As is the case once every four years, Olympic sports found themselves in the middle of inescapable spotlight when India's largest ever contingent made its way to Rio de Janeiro for the 31st edition of the 'greatest show on earth'.
A record number of 117 athletes 63 men and 54 women landed in the Brazilian carnival city with the rather unrealistic expectations of going better on the half a dozen medals secured in London, 2012.
The Sports Ministry and the Sports Authority of India (SAI) had contributed to the unreasonable hype with their outrageous predictions of at least 10-12 medals coming from Rio, a claim hardly questioned before the Games.
At the mega-event, the script went terribly awry and more than a week passed without India coming anywhere close to the podium barring a couple of near misses, most notable being shooting ace Abhinav Bindra and gritty gymnast Dipa Karmakar's fourth-place finishes in their respective events.
But just as it seemed that Rio would end barren for India, Sakshi Malik and P V Sindhu saved the country the blushes. While Sindhu became the first shuttler and the first Indian woman athlete to notch up a silver medal, Sakshi became the first female grappler to win an Olympic medal with a bronze that hardly anyone had predicted.
These two medals and Karmakar's fourth-place finish in a sport that is not even understood well in India, prevented a complete loss of face. Fittingly, the three were presented the country's highest sporting honour Khel Ratna jointly.
But what their heroics could not cover up was the fact that in all these years, government, SAI and the Indian Olympic Association have only been able to make it easy for athletes to claim money once they have made a mark.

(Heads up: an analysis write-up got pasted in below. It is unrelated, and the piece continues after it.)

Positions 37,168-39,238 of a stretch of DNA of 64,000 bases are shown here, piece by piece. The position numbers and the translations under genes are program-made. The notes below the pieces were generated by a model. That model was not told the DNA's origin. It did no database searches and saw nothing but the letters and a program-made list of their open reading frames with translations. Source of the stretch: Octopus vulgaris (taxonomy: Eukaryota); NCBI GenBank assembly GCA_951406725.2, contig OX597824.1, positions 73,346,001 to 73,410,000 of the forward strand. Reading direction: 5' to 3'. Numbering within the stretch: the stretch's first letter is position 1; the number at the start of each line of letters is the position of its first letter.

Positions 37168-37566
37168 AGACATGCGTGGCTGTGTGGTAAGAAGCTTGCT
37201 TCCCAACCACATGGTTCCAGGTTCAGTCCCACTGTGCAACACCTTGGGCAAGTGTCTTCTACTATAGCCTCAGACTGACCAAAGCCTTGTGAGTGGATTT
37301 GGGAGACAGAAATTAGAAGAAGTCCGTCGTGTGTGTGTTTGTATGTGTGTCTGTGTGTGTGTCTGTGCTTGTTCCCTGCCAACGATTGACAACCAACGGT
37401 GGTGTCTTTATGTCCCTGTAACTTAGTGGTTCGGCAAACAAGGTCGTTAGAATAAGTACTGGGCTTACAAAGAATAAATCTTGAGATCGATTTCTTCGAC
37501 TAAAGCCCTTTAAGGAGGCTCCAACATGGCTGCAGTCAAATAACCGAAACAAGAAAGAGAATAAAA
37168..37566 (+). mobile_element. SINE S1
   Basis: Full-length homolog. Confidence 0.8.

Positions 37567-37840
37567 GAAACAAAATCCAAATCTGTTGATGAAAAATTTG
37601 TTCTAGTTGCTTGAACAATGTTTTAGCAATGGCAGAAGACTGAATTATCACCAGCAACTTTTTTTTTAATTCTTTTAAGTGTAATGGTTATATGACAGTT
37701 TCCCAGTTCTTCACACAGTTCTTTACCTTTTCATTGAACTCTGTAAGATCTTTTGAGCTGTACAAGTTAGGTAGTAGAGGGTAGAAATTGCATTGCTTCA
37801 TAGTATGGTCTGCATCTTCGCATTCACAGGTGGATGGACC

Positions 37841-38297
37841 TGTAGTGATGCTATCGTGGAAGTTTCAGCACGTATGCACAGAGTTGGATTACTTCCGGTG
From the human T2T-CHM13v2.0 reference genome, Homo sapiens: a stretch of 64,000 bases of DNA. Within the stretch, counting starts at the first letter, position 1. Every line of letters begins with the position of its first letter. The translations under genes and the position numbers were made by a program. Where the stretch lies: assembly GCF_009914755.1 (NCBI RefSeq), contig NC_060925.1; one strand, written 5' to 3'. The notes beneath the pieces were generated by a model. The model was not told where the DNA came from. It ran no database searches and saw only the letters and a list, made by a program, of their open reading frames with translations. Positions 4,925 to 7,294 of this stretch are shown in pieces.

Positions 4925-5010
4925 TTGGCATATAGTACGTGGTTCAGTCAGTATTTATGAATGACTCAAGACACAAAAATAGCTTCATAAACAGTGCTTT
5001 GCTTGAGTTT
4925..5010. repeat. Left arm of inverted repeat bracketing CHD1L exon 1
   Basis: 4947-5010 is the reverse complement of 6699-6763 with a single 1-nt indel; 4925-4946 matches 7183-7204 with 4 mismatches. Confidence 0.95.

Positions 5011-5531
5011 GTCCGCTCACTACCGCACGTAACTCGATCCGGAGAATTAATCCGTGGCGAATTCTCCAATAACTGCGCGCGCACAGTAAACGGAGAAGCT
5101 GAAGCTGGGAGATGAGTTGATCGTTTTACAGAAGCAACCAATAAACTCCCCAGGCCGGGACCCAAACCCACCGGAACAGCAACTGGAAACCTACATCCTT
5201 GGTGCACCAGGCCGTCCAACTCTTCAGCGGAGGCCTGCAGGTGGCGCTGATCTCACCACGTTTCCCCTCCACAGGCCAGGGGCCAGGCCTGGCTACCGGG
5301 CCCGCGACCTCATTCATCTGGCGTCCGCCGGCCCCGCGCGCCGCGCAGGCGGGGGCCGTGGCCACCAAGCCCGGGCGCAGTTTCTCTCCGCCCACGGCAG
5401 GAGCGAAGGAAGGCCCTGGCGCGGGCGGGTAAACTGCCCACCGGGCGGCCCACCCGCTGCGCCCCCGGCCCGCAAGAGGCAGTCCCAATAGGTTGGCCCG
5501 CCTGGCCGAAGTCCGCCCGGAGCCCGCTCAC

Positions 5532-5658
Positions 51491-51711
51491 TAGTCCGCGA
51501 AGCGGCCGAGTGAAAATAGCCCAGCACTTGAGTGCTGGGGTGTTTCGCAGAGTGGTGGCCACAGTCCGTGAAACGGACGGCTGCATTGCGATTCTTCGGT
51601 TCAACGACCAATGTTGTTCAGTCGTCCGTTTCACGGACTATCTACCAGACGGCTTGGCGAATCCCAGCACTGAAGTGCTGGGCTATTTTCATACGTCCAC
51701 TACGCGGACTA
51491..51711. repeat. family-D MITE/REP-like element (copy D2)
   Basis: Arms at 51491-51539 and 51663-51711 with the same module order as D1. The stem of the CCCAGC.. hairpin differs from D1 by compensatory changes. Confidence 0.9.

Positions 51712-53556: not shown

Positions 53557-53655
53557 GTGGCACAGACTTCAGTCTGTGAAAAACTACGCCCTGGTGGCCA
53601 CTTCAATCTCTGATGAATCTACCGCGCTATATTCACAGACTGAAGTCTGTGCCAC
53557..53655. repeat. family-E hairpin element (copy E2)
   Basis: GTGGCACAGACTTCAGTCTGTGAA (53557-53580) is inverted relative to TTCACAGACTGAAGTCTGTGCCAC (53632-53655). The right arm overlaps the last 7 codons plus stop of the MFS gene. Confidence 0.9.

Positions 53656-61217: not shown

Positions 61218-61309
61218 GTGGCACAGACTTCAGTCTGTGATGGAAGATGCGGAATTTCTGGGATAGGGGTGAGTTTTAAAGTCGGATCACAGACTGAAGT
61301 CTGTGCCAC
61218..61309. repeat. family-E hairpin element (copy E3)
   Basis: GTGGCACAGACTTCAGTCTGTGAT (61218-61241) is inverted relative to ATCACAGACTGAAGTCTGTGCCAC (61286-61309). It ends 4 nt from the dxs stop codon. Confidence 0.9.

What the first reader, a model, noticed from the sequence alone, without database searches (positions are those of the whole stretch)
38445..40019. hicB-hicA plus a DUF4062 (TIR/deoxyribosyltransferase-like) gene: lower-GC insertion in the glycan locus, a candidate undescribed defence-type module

So, the harsh reality of Indian sports remained the absence of any systematic support for athletes in their formative years which, as seen in Rio, cannot be compensated by doling out crores barely a year before the Olympics.
On the cricket field though 2016 well and truly belonged to India, more specifically to Kohli and his 'weapon of choice' Ravichandran Ashwin.
An 18-match unbeaten streak in Tests (starting from Sri Lanka 2015) - the best-ever by an Indian team - was a testimony to how well Kohli fitted into the leadership role in white flannels.
When he took over captaincy from the 'cool as cucumber' Mahendra Singh Dhoni in the Test format, there were apprehensions that the ever-emotional Kohli might even end up having a meltdown due to the twin pressure of leadership and being India's top batsman.
So far, he has proved the naysayers wrong with the kind of elegance he generally reserves for his strokes.
Kohli has remained India's best batsman and has proved to be a dynamic leader too, transforming a young team into confident world beaters at least on home turf.
In the limited-overs format, where Dhoni is still in charge, India won the Asia Cup T20 before finishing semifinalists in the World T20.
However, the administrative mess that is common to most Indian sports caught up in a big way with cricket as well.
With the Supreme Court bent on imposing governance reforms in the BCCI through the Lodha Committee, the once all-powerful Board has been left scurrying for cover.
Severely crippled on the decision-making front, the BCCI is currently staring at a tense future and a January 3 ruling by the apex court is expected to put an end to its anxiety.
However, India held the high post internationally with Shashank Manohar taking over as ICC Chairman. .